THIRTY-TWO years today, Steve Nicol first rippled the net in the Red, scoring the first of his 46 goals for Liverpool as Joe Fagan’s Reds won 1-0 away at QPR.
I first remember taking in his gingery countenance in a January FA Cup game at Anfield in 1984. We were at home to Newcastle, and the game was live on the telly on a Friday night with a 7.15pm kick off. All of these events were rare back then.
Newcastle were a Second Division side then, but they did have a twilight-era Kevin Keegan turning out for them alongside Peter Beardsley and Chris Waddle. In fact, this was the game that finally convinced Mighty Mouse (or whatever daft nickname Keegan had given himself) that enough was enough. That he was a spent force. It was Mark Lawrenson, and his telescopic legs and blistering pace that did for the curly legend.
Keegan was later to confess that Lawrenson had so comprehensively owned him during that game, that it had convinced him that the football malarkey was just no longer for him.
Liverpool, as a whole, were a mighty thing that night. Cheeky hopefuls Newcastle were brushed aside, with four goals. Rush scored twice and the team was chock full of the usual 80s superstars.
Still in his first full season as a first-team regular, and starting against the hapless Geordies, was some kid we had picked up for £300,000 from Scotland, where he played part-time for Ayr United and was an out-of-work labourer the rest of the time.
Steve ‘Stevie’ Nicol, also known as ‘Chico’ in later Liverpool years, was white as driven snow. A mop of ruddy hair protecting at least some of his befreckled skin from the terrors of mere daylight. His translucent Celticness aside, the other thing that stood out about him was that he was good. Really good, especially for a kid from Ayr United who cost peanuts.
It was strange, back then — suddenly the careers of young players at Liverpool could just take off. Nowadays we tend to see them in a really long drawn-out procession of dribs and drabs worth of first-team opportunities. In the 80s it seemed as though you would get a mandatory set of three sneak peeks before said kid was suddenly a fixture in your beloved team.
I’m thinking in particular of the likes of Sammy Lee, Ronnie Whelan, Rushie to an extent, and of course, Stephen Nicol.
History should really note that Nicol was perhaps the greatest utility player in the history of the British game. I’ve seen him play left back, right back, centre half, centre mid, left mid and right mid. All the positions. All to an exceptional standard.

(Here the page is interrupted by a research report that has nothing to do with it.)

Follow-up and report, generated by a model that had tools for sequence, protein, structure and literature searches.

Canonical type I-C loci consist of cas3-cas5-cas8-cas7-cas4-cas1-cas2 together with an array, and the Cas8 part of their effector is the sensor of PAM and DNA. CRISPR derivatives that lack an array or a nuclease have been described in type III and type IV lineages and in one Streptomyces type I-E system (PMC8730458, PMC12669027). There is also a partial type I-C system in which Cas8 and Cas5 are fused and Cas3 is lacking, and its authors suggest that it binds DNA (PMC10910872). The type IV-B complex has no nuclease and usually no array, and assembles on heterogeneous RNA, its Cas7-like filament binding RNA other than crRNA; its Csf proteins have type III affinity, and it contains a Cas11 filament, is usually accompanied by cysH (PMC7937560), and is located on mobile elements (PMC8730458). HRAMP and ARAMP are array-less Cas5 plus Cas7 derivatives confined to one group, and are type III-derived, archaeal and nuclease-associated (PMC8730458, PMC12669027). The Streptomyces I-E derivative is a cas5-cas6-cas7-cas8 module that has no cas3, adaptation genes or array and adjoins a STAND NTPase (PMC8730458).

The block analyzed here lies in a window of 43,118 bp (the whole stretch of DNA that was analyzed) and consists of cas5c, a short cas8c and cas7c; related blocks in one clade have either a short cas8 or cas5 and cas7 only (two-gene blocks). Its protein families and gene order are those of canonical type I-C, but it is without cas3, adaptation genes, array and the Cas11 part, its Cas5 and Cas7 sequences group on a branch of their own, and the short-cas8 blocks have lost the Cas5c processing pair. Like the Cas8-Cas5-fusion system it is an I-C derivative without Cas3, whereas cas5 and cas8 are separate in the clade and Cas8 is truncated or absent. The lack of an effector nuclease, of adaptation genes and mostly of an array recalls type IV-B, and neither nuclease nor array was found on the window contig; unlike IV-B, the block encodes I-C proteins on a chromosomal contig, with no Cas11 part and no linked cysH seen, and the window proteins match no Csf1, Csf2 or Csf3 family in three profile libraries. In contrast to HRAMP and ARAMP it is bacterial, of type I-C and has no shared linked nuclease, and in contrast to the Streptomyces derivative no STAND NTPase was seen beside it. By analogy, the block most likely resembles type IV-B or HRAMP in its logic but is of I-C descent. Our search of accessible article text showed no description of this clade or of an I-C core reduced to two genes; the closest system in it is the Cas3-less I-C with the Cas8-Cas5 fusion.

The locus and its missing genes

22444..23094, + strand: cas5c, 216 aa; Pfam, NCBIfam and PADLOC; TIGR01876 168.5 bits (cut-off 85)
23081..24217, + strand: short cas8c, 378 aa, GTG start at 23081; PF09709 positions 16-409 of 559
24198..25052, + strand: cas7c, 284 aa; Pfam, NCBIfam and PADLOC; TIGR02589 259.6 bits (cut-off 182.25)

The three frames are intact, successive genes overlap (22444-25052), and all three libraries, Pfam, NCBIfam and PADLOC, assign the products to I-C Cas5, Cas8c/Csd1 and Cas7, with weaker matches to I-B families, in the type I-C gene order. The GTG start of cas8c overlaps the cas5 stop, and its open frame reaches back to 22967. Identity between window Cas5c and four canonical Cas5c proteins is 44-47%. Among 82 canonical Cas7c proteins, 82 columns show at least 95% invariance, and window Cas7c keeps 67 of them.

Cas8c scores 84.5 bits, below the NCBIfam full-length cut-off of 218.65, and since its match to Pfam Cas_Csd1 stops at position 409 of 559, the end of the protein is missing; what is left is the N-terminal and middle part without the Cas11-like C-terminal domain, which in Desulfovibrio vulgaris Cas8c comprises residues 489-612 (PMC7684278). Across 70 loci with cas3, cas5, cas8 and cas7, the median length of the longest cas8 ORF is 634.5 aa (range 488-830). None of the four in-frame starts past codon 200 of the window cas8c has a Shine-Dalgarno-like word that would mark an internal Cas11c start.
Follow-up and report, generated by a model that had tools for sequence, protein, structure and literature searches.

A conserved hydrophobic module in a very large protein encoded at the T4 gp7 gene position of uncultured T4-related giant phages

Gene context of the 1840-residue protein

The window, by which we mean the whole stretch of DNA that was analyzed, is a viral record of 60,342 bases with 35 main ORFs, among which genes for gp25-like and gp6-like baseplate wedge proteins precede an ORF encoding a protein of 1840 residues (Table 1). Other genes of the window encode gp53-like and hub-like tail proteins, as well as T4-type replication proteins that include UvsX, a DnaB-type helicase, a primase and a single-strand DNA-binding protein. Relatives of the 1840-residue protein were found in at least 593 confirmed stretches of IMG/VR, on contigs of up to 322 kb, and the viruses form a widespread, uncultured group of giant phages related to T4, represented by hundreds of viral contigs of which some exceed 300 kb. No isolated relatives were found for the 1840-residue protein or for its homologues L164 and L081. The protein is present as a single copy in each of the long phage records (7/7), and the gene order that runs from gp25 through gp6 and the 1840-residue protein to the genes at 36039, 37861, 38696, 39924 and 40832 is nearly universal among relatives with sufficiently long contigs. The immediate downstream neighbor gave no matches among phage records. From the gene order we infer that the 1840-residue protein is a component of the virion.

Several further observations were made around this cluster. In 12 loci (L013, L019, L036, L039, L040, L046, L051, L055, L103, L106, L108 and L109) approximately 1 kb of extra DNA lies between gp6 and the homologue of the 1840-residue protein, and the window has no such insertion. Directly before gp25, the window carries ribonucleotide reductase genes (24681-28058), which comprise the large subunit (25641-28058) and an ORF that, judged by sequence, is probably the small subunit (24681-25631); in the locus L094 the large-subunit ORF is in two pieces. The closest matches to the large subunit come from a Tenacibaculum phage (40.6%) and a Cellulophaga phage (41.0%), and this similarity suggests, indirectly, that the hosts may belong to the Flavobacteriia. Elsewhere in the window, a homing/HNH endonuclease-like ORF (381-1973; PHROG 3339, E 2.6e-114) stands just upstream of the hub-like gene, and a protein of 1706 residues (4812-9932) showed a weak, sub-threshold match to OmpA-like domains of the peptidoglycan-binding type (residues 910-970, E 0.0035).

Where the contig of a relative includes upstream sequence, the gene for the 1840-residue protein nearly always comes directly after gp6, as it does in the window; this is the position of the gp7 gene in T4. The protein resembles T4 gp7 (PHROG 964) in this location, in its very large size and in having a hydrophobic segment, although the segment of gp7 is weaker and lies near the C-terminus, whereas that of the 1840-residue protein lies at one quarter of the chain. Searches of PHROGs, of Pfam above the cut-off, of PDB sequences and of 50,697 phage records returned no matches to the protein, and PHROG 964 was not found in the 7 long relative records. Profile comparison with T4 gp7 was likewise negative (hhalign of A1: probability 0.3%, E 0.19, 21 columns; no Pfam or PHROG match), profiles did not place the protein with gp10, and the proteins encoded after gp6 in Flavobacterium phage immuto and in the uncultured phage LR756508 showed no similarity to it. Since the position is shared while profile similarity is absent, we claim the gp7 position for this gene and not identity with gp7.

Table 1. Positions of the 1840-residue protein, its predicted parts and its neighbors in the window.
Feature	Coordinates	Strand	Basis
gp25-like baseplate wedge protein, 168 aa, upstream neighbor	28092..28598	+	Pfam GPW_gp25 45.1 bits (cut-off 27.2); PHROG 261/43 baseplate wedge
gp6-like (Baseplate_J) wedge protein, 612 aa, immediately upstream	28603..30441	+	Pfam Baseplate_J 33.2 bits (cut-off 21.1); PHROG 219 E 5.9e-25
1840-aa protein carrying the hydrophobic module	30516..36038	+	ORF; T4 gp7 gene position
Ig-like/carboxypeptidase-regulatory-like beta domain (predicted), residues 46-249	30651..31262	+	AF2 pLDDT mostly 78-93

From his debut during the 1982-83 season through to about 1987, he was merely really really good. In that array of positions. The arrival of John Barnes in 1987 seemed to help elevate Nicol’s game to what has to be recognised as a world-class level.
My most vivid memories of him were as a full back foil to winger Barnes on Liverpool’s left-hand side from 1987-91. And what a left-hand side that was. There was a telepathy between them that could dissmember at will. The triangles they would work with Peter Beardsley would get that Liverpool team ‘in behind’ more often than…than…(insert innuendo).
Nicol was a very quintessentially German-type of footballer. Certainly the mould of a German footballer from that era. He was blessed with all the technique he needed, yet he was always a model of economy with his skill set. Nicol personified the power, pace, vision, aggression man machine that Deutschland seemed to populate its relentless international sides with at that very successful time in the nation’s sporting history.
Nicol was a maker of goals, a scorer of goals, and a defier of goals. He covered all the bases in a way that made him peerless. His enormous contribution to his club and the game was finally acknowledged in 1989, when he was awarded the Footballer of the Year award. No-one batted an eyelid. It seemed both a contemporary choice and a lifetime achievement award all in one.
Alongside that award, somewhere in the Nicol household, are the trinkets of a staggering series of successes from 468 appearances in the red of Liverpool: League Championship 1983-84, 1985-86, 1987-88, 1989-90; FA Cup 1986, 1989, 1992 and, of course, European Cup 1984.
There are the goals, too. Everyone has their favourites. The hat-trick at Newcastle, the header at Highbury.
In later life, Nicol enjoyed 10 seasons as head coach of New England Revolution in the United States, winning MLS coach of the season in 2002 and the North American Superliga in 2008 before becoming a bit of a blert of a pundit. Many of the best do though, Stevie, don’t let it worry you, lad.
We will remember you for that hat-trick at Newcastle, for that free kick against Palace,for all those wild rampaging sorties beyond Barnsey down our left; for that tackle that knew no tomorrow, and for all those fires you put out and all those matches that you won. For us.
Pics: PA Images